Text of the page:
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October 28, 2020 at 7:29 am, Jordan Staudinger said:

It is true that we need to think long term, also that we need to make a profit in the short term and invest in things that will likely turn a profit. There is actually no guarantee that the S&P will increase in value or even still exist in another 70 years.
Gabe Brown advocates creating a 200 year farm plan and I think that is smart. What is the 200 year history of the S&P 500? 😉
Also, most of the grand canyon could only have been created by a very large volume of water in a relatively short time.

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November 02, 2020 at 6:38 pm, David Pratt said:

I like Gabe’s idea, but following your challenge (What’s the 200 year history of the S&P 500?), what’s the 200 year history of your ranch? Which has better odds of lasting another 70 years, the average ranch or the S&P 500? Many ranchers have put most of the meager cash flow their ranches generate back into the ranch. That hasn’t set them up very well to deal with succession issues.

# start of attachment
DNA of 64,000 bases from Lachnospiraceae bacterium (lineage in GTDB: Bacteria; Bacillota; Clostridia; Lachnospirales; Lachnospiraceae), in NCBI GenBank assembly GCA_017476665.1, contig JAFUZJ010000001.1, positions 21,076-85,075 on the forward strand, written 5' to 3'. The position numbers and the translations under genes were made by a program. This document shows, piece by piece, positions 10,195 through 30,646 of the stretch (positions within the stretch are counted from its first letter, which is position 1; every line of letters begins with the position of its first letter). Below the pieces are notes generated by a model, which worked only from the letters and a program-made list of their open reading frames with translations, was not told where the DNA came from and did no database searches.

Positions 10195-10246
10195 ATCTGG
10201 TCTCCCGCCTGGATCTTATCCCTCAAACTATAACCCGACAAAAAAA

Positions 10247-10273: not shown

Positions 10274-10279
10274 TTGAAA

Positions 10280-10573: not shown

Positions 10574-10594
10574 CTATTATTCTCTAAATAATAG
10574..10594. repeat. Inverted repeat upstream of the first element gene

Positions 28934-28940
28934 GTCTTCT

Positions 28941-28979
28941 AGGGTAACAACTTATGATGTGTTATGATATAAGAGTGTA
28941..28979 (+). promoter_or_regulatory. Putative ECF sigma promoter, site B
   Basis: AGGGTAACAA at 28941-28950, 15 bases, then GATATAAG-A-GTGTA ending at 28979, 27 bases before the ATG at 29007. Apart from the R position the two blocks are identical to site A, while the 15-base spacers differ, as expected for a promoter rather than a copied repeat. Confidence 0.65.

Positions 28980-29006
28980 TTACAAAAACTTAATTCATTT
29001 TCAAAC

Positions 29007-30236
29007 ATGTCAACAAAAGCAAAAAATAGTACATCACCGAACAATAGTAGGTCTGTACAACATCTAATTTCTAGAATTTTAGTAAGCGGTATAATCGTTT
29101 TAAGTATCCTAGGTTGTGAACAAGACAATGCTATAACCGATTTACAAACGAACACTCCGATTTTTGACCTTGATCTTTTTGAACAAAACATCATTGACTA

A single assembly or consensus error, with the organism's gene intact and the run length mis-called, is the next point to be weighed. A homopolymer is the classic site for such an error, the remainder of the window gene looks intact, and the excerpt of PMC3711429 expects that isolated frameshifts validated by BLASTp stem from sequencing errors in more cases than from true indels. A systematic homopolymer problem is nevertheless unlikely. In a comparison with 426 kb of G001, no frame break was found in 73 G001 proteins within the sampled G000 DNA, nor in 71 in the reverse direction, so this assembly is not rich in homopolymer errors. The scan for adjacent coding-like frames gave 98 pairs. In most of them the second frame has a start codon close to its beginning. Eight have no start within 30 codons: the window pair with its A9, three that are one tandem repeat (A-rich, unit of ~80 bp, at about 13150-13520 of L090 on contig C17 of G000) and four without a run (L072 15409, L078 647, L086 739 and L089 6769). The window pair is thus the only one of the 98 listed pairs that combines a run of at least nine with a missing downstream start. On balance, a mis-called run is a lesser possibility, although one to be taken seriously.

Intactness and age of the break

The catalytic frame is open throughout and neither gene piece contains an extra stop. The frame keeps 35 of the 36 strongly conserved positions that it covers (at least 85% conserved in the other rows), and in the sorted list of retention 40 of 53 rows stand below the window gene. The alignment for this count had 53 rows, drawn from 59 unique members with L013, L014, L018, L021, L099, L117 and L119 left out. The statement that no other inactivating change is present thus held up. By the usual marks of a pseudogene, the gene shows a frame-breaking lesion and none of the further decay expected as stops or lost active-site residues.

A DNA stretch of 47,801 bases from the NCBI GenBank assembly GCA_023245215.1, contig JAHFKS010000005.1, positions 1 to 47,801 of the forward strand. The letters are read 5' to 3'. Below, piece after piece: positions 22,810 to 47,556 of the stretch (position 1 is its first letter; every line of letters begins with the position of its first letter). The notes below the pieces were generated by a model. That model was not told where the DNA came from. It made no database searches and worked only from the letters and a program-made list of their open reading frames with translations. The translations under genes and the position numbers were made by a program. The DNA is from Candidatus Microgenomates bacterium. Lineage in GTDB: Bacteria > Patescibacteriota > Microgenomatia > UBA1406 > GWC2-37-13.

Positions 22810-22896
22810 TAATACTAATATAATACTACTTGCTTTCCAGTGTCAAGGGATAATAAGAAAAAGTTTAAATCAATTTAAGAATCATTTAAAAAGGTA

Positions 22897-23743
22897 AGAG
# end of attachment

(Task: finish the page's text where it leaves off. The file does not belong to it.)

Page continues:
Nothing is guaranteed. But historically, the long game has better odds than any other game in town.

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October 28, 2020 at 9:54 am, John Marble said:

Great article, as usual.

One thing I’ve noticed is the tendency to suggest to people that they invest their ranch profits in other enterprises like storage units or rentals, etc. While these can work just fine, I think people should recognize that these kinds of investments absolutely require some degree of management effort, and that mental and physical effort is then unavailable for the ranch enterprise. Investing in broad-based index funds like SP500 has yielded very fine returns while requiring virtually no management. I advocate for investing and then (almost) forgetting about it. Go run your business and let the market work.